Metabolic Brain Disease

, Volume 33, Issue 5, pp 1679–1688 | Cite as

PTEN inhibition enhances angiogenesis in an in vitro model of ischemic injury by promoting Akt phosphorylation and subsequent hypoxia inducible factor-1α upregulation

  • Lixia Xue
  • Jiankang Huang
  • Ting Zhang
  • Xiuzhe Wang
  • Jianliang Fu
  • Zhi Geng
  • Yuwu Zhao
  • Hao ChenEmail author
Original Article


Angiogenesis is an important pathophysiological response to cerebral ischemia. PTEN is a lipid phosphatase whose loss activates PI3K/Akt signaling, which is related to HIF-1α upregulation and enhanced angiogenesis in human cancer cells. However, the specific roles of PTEN in endothelial cell functions and angiogenesis after cerebral ischemia remain unknown. Therefore, we sought to examine the potential effects of PTEN inhibition on post-ischemic angiogenesis in human blood vessel cells and to determine the underlying mechanism. In this present study, human umbilical vein endothelial cells (HUVECs) were exposed to oxygen-glucose deprivation (OGD), cell proliferation, migration and apoptosis, in vitro tube formation and expression of PTEN/Akt pathway and angiogenic factors were examined in HUVECs after treatment with PTEN inhibitor bisperoxovanadium (bpV) at different doses. The results showed that bpV significantly increased the cell proliferation and reduced cell apoptosis indicating that the drug exerts a cytoprotective effect on HUVECs with OGD exposure. bpV also enhanced cell migration and tube formation in HUVECs following OGD, and upregulated HIF-1α and VEGF expressions, but attenuated endostatin expression. Additionally, western blotting analysis demonstrated that Akt phosphorylation in HUVECs was significantly increased after bpV treatment. These findings suggest that PTEN inhibition promotes post-ischemic angiogenesis in HUVECs after exposure to OGD and this enhancing effect might be achieved through activation of the Akt signal cascade.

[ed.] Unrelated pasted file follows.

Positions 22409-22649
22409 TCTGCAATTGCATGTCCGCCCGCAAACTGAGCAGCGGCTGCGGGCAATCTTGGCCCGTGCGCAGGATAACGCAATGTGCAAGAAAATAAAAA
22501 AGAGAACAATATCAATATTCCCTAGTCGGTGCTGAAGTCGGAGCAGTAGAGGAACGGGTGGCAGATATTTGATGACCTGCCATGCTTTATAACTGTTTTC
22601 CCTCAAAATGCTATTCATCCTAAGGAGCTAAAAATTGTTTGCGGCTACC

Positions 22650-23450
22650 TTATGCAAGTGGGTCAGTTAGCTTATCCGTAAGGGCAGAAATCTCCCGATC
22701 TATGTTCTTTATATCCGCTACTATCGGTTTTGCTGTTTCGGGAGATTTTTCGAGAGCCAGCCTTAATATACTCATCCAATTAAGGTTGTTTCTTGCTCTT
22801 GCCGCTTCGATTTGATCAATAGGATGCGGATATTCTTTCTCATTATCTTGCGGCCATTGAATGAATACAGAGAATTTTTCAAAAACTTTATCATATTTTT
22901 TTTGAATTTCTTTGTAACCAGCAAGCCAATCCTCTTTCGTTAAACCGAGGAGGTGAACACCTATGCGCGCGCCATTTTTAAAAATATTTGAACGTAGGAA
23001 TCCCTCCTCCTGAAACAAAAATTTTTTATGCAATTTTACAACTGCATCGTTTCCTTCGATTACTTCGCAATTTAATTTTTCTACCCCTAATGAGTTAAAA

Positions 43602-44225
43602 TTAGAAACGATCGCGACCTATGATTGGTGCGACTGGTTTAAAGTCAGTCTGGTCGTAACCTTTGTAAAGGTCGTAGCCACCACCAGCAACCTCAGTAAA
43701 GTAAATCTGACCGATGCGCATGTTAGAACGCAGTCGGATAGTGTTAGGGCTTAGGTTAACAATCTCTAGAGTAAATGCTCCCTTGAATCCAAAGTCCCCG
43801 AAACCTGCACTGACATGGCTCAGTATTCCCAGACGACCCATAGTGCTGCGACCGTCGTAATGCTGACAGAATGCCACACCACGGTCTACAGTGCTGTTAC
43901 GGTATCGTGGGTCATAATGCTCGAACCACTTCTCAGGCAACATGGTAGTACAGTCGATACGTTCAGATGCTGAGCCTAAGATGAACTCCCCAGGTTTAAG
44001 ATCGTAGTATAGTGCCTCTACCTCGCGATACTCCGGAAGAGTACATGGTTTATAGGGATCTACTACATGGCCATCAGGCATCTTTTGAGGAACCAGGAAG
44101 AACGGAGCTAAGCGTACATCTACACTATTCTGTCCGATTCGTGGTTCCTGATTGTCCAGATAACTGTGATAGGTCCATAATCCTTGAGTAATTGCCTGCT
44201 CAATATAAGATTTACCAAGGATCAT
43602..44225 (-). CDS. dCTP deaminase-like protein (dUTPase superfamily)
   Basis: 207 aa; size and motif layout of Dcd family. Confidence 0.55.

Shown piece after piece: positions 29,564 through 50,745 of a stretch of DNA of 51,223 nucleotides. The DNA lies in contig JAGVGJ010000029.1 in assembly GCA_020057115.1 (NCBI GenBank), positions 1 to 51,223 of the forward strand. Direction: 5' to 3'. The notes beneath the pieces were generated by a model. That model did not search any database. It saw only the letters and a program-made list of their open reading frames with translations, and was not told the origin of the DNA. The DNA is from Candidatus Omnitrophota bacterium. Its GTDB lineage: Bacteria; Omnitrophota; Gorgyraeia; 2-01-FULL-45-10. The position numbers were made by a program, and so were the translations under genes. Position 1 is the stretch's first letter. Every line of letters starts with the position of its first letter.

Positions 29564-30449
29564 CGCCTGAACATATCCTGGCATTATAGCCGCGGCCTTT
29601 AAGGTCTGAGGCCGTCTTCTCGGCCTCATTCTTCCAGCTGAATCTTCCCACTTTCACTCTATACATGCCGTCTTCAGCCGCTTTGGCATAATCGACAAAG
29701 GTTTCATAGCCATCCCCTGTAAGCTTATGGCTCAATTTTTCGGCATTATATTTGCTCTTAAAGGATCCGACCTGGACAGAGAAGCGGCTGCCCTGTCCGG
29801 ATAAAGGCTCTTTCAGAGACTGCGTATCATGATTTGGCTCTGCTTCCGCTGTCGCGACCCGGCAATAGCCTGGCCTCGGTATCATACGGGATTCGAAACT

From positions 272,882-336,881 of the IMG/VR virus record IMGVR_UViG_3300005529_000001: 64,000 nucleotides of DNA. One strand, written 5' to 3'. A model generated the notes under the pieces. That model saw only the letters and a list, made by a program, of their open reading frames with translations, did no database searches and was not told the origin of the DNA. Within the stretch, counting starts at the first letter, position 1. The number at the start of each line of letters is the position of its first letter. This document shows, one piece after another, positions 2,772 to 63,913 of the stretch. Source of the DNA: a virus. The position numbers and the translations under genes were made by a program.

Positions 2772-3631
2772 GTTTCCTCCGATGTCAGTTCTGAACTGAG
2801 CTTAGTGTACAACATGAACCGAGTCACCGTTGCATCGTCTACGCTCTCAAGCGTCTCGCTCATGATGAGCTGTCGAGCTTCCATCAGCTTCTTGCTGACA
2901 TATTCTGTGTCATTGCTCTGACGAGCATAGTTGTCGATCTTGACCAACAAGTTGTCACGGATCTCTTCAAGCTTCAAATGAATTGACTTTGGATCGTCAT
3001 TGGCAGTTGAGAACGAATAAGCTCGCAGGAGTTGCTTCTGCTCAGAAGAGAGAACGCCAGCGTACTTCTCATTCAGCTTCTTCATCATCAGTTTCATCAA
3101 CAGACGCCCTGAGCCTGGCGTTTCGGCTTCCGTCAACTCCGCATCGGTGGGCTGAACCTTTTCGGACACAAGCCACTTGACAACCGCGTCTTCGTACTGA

Angiogenesis PTEN Human umbilical vein endothelial cells Oxygen-glucose deprivation Hypoxia inducible factor-1α Akt 



This study was supported by National Natural Science Foundation of China (81501657) and Shanghai Jiao Tong University Affiliated Sixth People’s Hospital Foundation (LYZY-0101).

Compliance with ethical standards

Conflict of interests

The authors declare that there is no conflict of interests regarding the publication of this paper.


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© Springer Science+Business Media, LLC, part of Springer Nature 2018

Authors and Affiliations

  1. 1.Department of NeurologyShanghai Jiao Tong University Affiliated Sixth People′s HospitalShanghaiChina
  2. 2.Department of NeurosurgeryShanghai Jiao Tong University Affiliated Sixth People′s HospitalShanghaiChina

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